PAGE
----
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Huggins, O’Halloran and Wiggins all deny Clifford’s allegations. “That just did not happen,” Huggins said.

Clifford also has accused Huggins, a black contractor, of pressuring him to award more Metra contracts to African-American firms. And Clifford indicated that Huggins and O’Halloran wanted him out because he resisted patronage requests from Illinois House Speaker Michael Madigan and other politicians.

Wiggins said his contribution had nothing to do with Clifford or pursuing the CEO job and that he would be offended by any suggestion to the contrary. He maintained that no Metra board members have talked with him about replacing Clifford.

Wiggins, who is paid $178,500 a year and started working at Metra in 2012, explained that he didn’t have his checkbook at the fundraiser but wanted to be sure to donate before June 30, the end of the state’s campaign finance reporting period. Huggins said he’d told guests to contribute by June 30 to boost Preckwinkle’s campaign filing.

Metra board member Larry Huggins / Credit: John J. Kim~Sun-Times

Wiggins said he supported Preckwinkle because he admires her leadership. “Even though I’m a public employee, I’m still an American citizen,” Wiggins said. “If I choose to support someone and write them a check, it is my right to do so.”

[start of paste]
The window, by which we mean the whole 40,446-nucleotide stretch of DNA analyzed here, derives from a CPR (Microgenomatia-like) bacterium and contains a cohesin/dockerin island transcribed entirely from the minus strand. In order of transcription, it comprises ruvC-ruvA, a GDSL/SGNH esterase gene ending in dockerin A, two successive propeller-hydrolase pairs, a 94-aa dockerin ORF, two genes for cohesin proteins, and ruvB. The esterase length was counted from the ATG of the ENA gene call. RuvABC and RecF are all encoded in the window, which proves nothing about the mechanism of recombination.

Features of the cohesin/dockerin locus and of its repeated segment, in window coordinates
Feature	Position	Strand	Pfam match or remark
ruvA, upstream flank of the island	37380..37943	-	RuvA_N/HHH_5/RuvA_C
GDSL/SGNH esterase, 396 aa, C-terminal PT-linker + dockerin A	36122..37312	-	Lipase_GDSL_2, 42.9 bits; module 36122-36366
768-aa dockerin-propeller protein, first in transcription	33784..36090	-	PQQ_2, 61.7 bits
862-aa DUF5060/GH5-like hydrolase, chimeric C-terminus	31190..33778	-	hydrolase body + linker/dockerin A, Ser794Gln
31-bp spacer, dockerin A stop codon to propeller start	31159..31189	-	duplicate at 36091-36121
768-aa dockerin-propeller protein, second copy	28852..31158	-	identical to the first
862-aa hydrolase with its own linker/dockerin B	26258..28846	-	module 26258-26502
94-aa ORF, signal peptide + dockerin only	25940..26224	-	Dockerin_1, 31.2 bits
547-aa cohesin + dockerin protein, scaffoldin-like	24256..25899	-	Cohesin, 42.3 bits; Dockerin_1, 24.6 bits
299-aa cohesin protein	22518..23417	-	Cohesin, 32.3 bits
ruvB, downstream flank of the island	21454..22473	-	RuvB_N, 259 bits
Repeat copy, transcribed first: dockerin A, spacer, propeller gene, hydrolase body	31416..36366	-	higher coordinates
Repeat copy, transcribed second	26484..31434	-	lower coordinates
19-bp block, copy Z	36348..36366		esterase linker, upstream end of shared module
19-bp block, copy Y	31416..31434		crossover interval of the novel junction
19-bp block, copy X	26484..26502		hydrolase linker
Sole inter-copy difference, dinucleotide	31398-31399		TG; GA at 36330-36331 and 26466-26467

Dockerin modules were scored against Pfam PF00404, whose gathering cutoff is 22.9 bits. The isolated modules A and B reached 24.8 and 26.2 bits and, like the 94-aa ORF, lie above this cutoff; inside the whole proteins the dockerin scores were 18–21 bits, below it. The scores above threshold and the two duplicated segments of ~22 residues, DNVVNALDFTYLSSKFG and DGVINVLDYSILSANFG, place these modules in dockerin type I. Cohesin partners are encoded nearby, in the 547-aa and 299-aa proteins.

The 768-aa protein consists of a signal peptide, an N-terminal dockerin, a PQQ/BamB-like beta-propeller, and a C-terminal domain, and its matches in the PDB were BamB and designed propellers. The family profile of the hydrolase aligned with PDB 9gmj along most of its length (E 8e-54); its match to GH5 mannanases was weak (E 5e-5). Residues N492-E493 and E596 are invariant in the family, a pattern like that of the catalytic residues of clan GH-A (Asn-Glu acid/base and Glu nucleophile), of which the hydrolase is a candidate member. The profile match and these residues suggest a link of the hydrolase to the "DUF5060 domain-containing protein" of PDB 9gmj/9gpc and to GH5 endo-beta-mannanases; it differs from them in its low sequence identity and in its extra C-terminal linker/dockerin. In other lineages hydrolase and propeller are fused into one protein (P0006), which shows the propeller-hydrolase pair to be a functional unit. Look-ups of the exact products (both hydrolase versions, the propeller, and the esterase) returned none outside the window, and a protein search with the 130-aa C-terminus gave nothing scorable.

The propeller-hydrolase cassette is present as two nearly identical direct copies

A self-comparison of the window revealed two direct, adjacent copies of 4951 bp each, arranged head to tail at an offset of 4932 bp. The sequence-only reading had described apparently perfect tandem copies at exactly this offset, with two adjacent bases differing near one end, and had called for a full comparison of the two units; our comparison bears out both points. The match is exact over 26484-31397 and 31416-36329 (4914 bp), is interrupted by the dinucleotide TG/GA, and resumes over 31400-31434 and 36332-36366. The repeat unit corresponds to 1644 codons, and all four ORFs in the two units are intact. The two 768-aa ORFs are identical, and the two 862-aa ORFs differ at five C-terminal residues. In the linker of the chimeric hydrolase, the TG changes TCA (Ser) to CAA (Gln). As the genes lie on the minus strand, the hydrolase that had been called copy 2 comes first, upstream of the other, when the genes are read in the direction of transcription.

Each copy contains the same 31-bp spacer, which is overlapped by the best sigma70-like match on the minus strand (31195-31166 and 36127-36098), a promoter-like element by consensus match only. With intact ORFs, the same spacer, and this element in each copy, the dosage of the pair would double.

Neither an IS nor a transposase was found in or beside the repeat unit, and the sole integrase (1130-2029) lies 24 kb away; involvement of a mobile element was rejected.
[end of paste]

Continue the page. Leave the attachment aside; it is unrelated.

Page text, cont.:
While Preckwinkle doesn’t have a direct role in the selection of Clifford’s replacement, she may have some influence given her appointment of Rakestraw and her political ties to Huggins and O’Halloran. Preckwinkle has collected $2,000 in donations from O’Halloran since 2010, more than $11,000 from Rakestraw since 2008 and about $30,000 from Huggins dating back to 1999, according to campaign finance records.

Preckwinkle, who is up for reelection next year, has ramped up her fundraising as of late. She collected more than $475,000 in June alone – her highest one-month total as County Board president.

brad o halloran+linkedin
Metra board chairman Brad O’Halloran / LinkedIn

But Huggins and O’Halloran say this was nothing more than four individuals supporting an elected official who’s steering Cook County in the right direction. They said they haven’t talked with Preckwinkle or anyone else about who should be Metra’s next CEO.

Preckwinkle could not be reached, but her campaign issued a statement denying any wrongdoing: “President Preckwinkle follows the rules laid out by the Cook County Board of Ethics. Campaign contributions have no bearing on the decisions she makes in her role as County Board president.” County government spokeswoman Kristen Mack issued a statement regarding Preckwinkle’s role in the selection of Clifford’s replacement: “Metra has not announced a process for naming a new CEO. It would be premature for President Preckwinkle to weigh in. She has no specific individual in mind, but believes the next CEO should have a transportation background.”

Clifford could not comment for this story, according to his attorney, Michael Shakman, citing a confidentiality clause in Clifford’s severance package. Concerns about the size of that buyout deal, which could top $700,000, led to hearings before state lawmakers and regional transportation officials where Clifford voiced many of the patronage allegations he raised in his April memo.

This story was written and reported by the Better Government Association’s Alden Loury, who can be reached at or (312) 821-9036.